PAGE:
I never prevented a car from parking where ever its driver chose to put it. Obviously, you have never attempted commuting by bicycle to work. You should try it. You might find it is just the right form of transportation for you, at least for distances under ten miles. Think of it, you can cycle in your work clothes. I all most always wore dresses and rode my bike to work with only an occasional catching in the chain. You can use the most unused side roads, and when traffic is snarled, you can simply bike around the traffic. While biking your vehicle won’t spew carbon into the air or contribute to our oil shortage or global warning, and if you live in a densely populated city, you never have to fight over parking spaces or pay to park near your work place which can cost upwards of $300.00 depending on what garage you choose to use.
        Now, what virtues do commuters in cars have to offer in the way that bikes do?
        So in reality most people within even two miles from their places of employment could walk.
        The idea of my post was that biking is better for everyone capable of peddling one while cars are bad for nature and all human beings. While the majority of people drive cars when they could walk or bike, they should be discouraged from doing so. If you don’t want to reward cyclists, then create a tax directed at those who unnecessarily stink up our world, crowd roadsides with automobiles and who cause far more accidental deaths by poor driving. Cyclists are usually the victim of automobile accidents rather than the offender who is driving an automobile. Some of the most common and unreported automobile caused accidents occur when car drivers force cyclist off the roads they are entitled to use with the same rights as automobiles.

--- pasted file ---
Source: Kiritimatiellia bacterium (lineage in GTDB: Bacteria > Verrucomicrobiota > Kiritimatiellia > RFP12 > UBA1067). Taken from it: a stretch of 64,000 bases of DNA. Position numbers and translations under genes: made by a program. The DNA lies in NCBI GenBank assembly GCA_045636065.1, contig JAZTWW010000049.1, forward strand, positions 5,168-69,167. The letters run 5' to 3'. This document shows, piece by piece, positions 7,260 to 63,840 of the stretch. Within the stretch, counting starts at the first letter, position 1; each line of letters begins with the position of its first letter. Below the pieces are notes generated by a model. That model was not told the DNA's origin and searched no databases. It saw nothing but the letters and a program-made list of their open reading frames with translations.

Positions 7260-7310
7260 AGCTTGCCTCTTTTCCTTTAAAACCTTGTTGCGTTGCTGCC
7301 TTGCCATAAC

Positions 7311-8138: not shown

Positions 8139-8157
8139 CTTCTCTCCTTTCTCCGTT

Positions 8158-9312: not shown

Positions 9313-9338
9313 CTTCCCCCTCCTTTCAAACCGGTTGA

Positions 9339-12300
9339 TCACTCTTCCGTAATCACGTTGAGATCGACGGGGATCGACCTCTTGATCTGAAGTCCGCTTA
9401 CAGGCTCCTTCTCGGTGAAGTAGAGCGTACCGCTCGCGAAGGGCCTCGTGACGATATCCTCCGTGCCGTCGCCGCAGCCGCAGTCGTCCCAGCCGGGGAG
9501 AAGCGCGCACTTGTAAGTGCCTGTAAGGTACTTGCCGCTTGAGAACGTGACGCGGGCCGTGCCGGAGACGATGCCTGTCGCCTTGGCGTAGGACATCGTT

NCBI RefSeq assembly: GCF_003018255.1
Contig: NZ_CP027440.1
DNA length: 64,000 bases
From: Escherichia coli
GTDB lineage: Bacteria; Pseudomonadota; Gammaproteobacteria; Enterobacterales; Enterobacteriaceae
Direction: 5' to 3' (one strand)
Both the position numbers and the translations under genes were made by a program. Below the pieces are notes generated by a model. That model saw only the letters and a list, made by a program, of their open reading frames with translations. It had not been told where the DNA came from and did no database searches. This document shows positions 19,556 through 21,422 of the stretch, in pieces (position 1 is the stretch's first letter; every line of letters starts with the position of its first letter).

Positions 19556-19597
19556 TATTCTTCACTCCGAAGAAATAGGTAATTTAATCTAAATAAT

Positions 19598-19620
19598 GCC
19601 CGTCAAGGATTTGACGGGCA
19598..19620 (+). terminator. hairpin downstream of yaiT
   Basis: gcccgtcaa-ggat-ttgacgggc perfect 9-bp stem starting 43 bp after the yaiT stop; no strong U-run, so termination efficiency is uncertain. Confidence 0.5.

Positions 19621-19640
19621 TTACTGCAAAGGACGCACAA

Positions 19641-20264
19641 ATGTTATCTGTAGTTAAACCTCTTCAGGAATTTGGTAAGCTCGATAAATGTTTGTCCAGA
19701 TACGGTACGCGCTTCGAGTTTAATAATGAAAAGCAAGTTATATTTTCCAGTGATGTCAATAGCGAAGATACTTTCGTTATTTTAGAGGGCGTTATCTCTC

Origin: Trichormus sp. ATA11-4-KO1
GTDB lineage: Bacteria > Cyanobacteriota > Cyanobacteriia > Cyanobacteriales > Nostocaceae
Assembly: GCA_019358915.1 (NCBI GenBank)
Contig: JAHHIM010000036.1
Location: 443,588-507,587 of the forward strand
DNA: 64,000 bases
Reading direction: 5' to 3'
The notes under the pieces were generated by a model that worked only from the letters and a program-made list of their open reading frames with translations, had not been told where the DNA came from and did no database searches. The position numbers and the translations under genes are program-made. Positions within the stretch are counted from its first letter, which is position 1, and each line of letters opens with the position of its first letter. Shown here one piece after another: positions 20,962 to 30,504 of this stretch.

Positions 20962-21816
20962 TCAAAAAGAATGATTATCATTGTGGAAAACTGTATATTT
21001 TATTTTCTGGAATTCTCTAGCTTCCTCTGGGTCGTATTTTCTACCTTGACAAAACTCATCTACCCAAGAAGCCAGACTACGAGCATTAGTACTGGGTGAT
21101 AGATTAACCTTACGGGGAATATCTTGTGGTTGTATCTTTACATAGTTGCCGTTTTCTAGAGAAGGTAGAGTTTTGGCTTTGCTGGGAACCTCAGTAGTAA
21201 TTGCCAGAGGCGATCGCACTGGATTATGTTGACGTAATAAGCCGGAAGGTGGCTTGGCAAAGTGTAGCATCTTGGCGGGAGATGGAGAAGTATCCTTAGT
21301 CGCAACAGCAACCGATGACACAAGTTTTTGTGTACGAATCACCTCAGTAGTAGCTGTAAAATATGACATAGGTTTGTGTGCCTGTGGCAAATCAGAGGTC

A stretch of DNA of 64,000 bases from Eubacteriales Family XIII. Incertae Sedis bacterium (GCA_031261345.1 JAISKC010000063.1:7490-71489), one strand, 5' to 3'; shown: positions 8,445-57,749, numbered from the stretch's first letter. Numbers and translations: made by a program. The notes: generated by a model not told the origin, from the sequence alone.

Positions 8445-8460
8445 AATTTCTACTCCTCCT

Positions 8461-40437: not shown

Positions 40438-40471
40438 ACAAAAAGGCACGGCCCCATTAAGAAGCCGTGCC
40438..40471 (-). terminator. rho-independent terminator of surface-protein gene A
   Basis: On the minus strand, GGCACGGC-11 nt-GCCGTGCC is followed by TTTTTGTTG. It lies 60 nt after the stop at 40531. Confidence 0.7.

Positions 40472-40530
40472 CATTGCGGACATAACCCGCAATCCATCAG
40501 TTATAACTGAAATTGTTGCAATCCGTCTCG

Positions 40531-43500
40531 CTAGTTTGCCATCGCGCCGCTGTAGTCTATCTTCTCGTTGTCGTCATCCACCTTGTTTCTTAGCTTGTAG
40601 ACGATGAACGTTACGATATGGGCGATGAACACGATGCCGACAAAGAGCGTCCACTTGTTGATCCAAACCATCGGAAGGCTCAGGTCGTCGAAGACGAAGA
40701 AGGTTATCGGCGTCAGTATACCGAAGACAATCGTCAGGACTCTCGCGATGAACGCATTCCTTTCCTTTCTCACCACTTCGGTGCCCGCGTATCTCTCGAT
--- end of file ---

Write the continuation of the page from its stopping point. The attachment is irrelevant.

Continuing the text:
Unless you live in a hilly area, you don’t need an expensive 10 speed bike. Get a bike appropriate for your local terrain and try using it to commute. It could even change your life.
        Yes, I would like to make you into a bike convert. The more the healthier. Best wishes and may your car disappoint you when you realize how much better bicycles really are.

        1. This all sounds really great, until you go and apply reality to this plan. While cycling to work is a great thing to do if you want to, the fact is, by far, most people do not wish to do that and they will not. You have to deal with that reality. So many bike routes are virtually empty a whole lot of of the time. Lovely on a summer weekend, but go to PGR on a sunny October morning and there use is really limited. If it’s raining, even less. There is some kind of conspiracy to make the numbers look like they are going up and up, and they are, but up from very little to a bit more is still very much a minority and that is just not going to change in a city with a lot of rain.